For children with exercise-induced asthma, a mild case of spring fever could turn into a full-blown asthma attack if they do too much too soon when the Spring weather warms.
“If your child experiences chest pain, cough, wheezing and other asthma symptoms, the first stop should be your child’s primary care provider,” said Lisa A. Jones RN, BSN, AE-C, an Asthma and EZ Breathing Program Coordinator at Akron Children’s Hospital. “Depending on the symptoms present, your child may be referred to an allergist-immunologist or pulmonologist for further examination.”
Like other forms of asthma, prevention is also key to keeping your child healthy. There are several steps parents can take to ease their child’s symptoms.
1. Know and avoid typical triggers such as:
- Cold, dry or polluted air
- High pollen counts
- Chlorine in swimming pools
- Chemicals used with ice rink resurfacing equipment
- Respiratory infections or other lung diseases
- Activities requiring long periods of deep breathing, like swimming, soccer or long-distance running.
2. Inhalers with short-acting beta agonists (SABAs) such as Albuterol and Levalbuterol can be used 15-20 minutes before exercise – per doctor’s orders – to open up airways. Daily use of a SABA is not recommended since your child may develop a tolerance to it.
3. If the pre-exercise inhaler is not effectively managing the symptoms, the doctor may prescribe a long-term control medication to complement the pre-exercise medication. Usually taken daily, these medications include:
- Inhaled corticosteroids – These work by suppressing inflammation in the airways. It may be 2-4 weeks before your child realizes the full benefit of these medications. Drug/brand names include fluticasone (Flovent Diskus, Flovent HFA), budesonide (Pulmicort Flexhaler), mometasone (Asmanex) and beclomethasone (Qvar).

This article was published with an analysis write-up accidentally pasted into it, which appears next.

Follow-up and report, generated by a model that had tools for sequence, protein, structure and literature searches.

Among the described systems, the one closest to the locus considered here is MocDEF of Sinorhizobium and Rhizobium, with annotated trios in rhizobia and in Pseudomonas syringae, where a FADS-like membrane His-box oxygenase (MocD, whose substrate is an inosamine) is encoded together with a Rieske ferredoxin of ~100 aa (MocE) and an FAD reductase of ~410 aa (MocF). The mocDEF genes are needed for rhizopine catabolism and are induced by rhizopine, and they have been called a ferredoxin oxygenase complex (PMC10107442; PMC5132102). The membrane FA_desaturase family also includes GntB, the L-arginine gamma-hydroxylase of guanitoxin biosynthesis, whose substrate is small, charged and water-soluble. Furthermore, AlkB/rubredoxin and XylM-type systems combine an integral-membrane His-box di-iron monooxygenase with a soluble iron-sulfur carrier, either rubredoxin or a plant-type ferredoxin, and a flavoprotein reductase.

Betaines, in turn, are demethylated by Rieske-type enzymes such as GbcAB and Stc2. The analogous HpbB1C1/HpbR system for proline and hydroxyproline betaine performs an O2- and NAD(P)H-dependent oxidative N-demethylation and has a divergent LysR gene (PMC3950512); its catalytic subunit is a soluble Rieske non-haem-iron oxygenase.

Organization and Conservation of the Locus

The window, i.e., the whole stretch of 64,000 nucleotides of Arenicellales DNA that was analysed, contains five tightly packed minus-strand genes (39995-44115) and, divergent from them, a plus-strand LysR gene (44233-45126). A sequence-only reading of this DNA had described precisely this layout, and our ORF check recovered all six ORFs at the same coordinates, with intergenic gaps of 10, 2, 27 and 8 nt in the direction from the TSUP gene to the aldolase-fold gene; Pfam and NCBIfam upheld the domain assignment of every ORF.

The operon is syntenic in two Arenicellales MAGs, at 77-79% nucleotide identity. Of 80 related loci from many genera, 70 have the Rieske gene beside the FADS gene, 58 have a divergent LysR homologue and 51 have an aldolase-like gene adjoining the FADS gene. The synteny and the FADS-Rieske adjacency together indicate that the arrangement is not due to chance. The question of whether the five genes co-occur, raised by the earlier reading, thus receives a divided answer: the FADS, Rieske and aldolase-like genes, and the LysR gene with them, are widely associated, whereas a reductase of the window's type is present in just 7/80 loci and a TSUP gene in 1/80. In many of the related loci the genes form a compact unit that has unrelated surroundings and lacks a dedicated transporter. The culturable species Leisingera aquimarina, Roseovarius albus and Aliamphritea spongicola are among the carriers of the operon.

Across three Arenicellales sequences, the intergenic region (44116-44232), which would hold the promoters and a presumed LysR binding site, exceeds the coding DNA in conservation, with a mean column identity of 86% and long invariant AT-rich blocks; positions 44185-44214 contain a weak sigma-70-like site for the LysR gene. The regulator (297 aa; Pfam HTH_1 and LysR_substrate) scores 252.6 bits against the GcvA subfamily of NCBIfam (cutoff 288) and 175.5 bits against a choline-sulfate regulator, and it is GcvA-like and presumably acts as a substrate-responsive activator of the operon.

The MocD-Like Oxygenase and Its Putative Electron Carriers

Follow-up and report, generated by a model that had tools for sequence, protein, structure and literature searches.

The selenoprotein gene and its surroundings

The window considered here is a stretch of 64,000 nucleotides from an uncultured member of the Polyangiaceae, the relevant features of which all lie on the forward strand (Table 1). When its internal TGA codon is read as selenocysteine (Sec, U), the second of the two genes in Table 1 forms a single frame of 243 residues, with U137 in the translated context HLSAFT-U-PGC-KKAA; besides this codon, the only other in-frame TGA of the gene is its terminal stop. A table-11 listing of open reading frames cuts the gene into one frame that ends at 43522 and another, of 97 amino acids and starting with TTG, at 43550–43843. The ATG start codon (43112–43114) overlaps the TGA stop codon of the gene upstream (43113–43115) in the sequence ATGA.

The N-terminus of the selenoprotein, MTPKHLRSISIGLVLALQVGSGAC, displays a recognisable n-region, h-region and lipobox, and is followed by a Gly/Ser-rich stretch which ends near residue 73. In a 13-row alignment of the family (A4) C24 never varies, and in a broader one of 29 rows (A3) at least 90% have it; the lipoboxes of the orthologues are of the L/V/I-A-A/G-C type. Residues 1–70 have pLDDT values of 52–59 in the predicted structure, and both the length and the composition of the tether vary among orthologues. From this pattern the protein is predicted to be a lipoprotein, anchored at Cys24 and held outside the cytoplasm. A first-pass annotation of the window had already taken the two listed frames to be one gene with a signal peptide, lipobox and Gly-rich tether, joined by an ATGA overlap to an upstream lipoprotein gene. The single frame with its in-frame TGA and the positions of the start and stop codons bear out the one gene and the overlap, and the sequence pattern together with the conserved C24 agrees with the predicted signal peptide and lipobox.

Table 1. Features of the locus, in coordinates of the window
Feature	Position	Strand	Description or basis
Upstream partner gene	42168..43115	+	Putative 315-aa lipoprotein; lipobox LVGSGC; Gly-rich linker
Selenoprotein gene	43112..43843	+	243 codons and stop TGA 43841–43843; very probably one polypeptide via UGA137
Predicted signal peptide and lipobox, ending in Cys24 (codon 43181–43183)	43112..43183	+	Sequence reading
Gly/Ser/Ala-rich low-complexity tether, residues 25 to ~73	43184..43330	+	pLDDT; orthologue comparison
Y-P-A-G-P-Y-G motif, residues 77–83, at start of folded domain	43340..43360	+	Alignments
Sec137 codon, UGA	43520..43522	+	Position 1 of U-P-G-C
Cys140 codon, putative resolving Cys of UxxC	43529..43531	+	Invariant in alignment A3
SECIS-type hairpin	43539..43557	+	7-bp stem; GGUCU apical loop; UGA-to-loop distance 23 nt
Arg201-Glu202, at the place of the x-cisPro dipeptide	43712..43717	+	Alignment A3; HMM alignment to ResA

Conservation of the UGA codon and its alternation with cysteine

- Combination inhalers – These drugs relax airways and reduce inflammation with the dual action of a corticosteroid and long-acting beta agonist (LABA). Combination inhalers include fluticasone and salmeterol (Advair), budesonide, formoterol (Symbicort), mometasone and formoterol (Dulera).
- Leukotriene modifiers – Taken orally, these medications block inflammation. The most common is Singulair, which should be taken daily. Potential side effects include behavior and mood changes and suicidal thoughts. Talk to your doctor if your child experiences these signs or symptoms.
- Antihistamines – Taken orally, these may be helpful if your child has pollen allergies and is exercising outdoors.
4. Write down how many puffs your child takes weekly, how often he needs a pre-exercise inhaler for prevention and how often he uses an inhaler to treat symptoms. If your child needs to use an inhaler more than a few times a week for symptoms, the doctor may adjust his long-term control medication.
5. Work with the doctor to develop an action plan in case your child has symptoms at school. The plan should provide step-by-step instructions for teachers, nurses and coaches, including what treatments your child needs, when treatments should be administered and how to ease symptoms.
6. Other steps your child can take to minimize symptoms include:
- Warming up for at least 10 minutes before exercise.
- Breathing through the nose to warm and humidify air before it enters the lungs.
- Wearing a face mask or scarf when exercising in cold, dry weather.
- Exercising consistently to stay in shape and to strengthen respiratory health.
- If allergies are a problem, avoiding triggers like high pollen counts.
- Limiting strenuous exercise if she has a cold or other respiratory infection.
7. Seek emergency medical treatment if your child has:
- Wheezing or shortness of breath that’s rapidly worsening
- No improvement after using a prescription inhaler
For more information on managing your child’s asthma, visit the American Academy of Allergy, Asthma and Immunology (AAAAI).